(This answer is LINUX/GLIBC specific)
According to http://s.eresi-project.org/inc/articles/elf-rtld.txt
there are link_map *map; map->l_map_start & map->l_map_end
** Start and finish of memory map for this object.
** l_map_start need not be the same as l_addr.
ElfW(Addr) l_map_start, l_map_end;
It is a bit not exact, as said here http://www.cygwin.com/ml/libc-hacker/2007-06/msg00014.html
= some libraries are not continous in memory; the letter linked has some examples... e.g. this is the very internal (to rtld) function to detect is the given address inside lib's address space or not, based on link_map and direct working with ELF segments:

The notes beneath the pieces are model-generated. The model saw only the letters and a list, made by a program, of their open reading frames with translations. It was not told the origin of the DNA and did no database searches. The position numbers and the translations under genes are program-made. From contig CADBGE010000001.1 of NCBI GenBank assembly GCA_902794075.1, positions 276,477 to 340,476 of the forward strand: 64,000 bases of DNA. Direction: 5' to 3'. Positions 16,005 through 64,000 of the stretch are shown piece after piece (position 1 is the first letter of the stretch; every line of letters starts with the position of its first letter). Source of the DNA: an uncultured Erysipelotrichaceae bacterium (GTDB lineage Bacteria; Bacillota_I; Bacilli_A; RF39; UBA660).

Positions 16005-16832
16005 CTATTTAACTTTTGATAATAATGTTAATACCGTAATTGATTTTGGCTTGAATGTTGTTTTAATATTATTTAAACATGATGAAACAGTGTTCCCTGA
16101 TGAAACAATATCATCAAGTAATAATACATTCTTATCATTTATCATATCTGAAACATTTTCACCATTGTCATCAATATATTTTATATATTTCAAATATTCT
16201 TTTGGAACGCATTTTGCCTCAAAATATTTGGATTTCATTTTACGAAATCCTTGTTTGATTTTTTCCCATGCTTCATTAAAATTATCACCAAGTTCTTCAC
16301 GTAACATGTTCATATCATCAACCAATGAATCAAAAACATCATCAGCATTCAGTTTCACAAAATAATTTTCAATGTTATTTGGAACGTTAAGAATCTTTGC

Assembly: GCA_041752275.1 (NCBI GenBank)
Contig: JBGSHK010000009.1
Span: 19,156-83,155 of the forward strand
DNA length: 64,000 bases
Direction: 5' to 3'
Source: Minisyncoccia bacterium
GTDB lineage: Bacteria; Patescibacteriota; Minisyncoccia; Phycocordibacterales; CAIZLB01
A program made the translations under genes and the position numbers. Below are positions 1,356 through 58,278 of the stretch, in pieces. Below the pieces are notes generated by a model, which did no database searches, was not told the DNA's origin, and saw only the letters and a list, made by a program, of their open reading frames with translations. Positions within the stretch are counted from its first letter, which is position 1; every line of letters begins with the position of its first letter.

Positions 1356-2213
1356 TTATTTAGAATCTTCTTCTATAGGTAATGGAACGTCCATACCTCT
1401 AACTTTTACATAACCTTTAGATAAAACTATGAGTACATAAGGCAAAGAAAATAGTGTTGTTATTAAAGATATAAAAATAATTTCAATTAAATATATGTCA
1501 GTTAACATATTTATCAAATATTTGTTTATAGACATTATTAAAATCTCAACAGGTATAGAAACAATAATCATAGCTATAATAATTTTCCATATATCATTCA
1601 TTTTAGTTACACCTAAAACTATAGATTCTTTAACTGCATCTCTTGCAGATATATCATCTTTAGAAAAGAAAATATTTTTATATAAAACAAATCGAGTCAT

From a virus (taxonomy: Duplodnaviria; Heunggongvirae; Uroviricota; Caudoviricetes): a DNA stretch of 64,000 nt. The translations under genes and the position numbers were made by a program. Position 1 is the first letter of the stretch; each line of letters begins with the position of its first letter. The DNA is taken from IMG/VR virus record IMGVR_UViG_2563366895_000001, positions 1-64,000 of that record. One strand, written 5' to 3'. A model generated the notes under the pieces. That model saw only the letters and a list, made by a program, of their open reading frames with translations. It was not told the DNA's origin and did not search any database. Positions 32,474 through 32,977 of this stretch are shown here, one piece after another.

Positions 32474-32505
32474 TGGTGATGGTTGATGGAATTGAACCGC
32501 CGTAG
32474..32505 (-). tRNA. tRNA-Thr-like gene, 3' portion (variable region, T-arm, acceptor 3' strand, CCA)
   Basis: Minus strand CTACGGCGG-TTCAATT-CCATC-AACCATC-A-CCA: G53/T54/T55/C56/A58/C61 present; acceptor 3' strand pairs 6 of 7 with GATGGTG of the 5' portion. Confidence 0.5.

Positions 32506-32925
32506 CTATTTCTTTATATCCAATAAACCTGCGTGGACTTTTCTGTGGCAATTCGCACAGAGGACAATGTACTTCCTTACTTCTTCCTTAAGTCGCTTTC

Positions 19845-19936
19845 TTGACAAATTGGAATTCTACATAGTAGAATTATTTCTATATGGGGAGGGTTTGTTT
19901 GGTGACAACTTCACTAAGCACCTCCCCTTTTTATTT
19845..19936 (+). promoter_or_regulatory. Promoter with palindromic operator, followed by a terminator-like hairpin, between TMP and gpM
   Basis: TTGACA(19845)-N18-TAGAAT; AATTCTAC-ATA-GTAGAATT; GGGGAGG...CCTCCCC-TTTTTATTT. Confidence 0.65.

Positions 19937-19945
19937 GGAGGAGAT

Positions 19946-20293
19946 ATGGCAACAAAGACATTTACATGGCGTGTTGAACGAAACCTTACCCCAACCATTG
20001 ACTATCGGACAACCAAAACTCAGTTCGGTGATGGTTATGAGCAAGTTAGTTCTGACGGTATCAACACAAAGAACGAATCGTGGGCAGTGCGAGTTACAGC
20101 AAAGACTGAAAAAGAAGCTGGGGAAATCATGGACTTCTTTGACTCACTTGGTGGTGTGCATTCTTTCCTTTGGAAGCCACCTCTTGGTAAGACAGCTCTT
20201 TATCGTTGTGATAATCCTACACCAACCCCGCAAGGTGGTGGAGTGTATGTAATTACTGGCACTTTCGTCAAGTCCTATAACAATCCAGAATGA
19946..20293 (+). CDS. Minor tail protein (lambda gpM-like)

/* Return non-zero if ADDR lies within one of L's segments. */
_dl_addr_inside_object (struct link_map *l, const ElfW(Addr) addr)
int n = l->l_phnum;
const ElfW(Addr) reladdr = addr - l->l_addr;
while (--n >= 0)
if (l->l_phdr[n].p_type == PT_LOAD
&& reladdr - l->l_phdr[n].p_vaddr >= 0
&& reladdr - l->l_phdr[n].p_vaddr < l->l_phdr[n].p_memsz)
And this function is the Other alternative, which is to find program headers/ or section headers of ELF loaded (there are some links to such information in link_map)
And the easiest is to use some
stat syscall with
map->l_name - to read file size from the disk (inexact in detecting huge bss section).